Kicking The Salt Habit

Change Your High-Sodium Ways


We’re all familiar with how bad fatty food is for us, but salt is also a health hazard – and many people are getting way too much of it.

To raise awareness of our salty ways, the American Heart Association/American Stroke Association is launching a 21-day Sodium Swap Challenge.

The first step, organizers say, is to become aware of exactly how much sodium you’re taking in every day.  The average American consumes about 3,400 milligrams of sodium daily – more than twice the 1,500 milligrams recommended by AHA/ASA. The dangers of too much salt are clear: Excessive salt consumption has been linked to high blood pressure and an increased risk of heart disease and stroke.

But instead of trying to change your sodium habits all at once, the AHA/ASA recommends a more gradual approach that makes success likelier.

"To get started with the association's challenge, we ask that consumers get familiar with the food labels and nutrition facts for  the foods they eat  and track their sodium consumption over the first two days,” Rachel Johnson, Ph.D., RD, FADA, AHA/ASA spokesperson, said in a statement.  “I'm sure [the results] will be surprising to many people."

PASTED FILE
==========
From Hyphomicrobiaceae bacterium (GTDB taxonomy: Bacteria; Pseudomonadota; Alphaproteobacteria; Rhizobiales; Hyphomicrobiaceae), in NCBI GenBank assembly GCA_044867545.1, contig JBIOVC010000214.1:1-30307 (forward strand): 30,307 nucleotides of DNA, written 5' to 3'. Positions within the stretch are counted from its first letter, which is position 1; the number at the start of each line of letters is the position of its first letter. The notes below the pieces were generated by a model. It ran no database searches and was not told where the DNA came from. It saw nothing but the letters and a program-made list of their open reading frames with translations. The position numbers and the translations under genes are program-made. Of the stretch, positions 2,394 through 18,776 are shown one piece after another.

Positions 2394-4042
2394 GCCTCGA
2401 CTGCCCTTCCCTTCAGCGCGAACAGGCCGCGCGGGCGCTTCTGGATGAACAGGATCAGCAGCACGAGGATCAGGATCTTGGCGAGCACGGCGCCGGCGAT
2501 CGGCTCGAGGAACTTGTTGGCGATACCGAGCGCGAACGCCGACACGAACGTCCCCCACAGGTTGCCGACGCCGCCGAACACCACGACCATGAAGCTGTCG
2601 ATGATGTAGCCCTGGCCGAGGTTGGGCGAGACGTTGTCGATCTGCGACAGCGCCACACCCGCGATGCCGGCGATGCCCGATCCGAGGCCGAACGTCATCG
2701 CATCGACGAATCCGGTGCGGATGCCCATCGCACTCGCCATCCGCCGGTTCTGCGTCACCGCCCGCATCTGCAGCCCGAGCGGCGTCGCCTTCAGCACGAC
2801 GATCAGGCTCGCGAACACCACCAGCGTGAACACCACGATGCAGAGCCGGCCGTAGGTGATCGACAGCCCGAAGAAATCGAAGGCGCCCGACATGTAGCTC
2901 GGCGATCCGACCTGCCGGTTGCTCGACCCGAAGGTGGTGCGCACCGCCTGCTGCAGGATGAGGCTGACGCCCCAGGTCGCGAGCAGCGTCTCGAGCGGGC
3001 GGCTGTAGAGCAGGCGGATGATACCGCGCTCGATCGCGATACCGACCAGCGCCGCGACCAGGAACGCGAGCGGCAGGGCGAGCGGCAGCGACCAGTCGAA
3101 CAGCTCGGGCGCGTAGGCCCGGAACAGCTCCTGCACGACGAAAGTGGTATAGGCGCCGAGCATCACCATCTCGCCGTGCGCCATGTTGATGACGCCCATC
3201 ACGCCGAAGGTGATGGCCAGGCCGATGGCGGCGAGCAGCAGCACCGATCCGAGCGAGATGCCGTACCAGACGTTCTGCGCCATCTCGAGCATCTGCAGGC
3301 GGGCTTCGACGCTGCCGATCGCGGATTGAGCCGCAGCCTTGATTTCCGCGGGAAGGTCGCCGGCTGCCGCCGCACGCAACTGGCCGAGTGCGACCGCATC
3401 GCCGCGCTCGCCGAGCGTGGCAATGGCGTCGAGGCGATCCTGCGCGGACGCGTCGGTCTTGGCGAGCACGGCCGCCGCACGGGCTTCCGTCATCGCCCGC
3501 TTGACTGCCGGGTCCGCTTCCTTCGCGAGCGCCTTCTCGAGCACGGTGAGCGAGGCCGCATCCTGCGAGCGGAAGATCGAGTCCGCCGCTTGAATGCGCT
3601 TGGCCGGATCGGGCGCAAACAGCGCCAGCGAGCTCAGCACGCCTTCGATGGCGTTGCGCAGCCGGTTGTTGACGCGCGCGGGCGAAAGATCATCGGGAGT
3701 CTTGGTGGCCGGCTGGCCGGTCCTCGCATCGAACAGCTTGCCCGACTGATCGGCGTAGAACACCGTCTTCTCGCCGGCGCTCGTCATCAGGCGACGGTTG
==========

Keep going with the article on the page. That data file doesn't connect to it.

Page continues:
To help people gradually wean themselves off sodium, the AHA/ASA has divided the sodium-swap challenge into three weeks.  In the first week, the association suggests focusing on the sodium content of breads and processed meats. (One piece of bread can have 230 milligrams of sodium.) In the second week, look at the sodium content in pizza and processed poultry. In the third week,  take a look at the soup and sandwiches you consume. (One cup of chicken noodle soup may have up to 940 milligrams of sodium – 60 percent of your daily allowance.)

The AHA/ASA also recommends looking for the Heart Check Mark on food items in grocery stores and restaurants. That designation means the food falls within heart-healthy guidelines. (For more information, visit, and for tips on how to make your Sodium Swap Challenge a successful one, click here.



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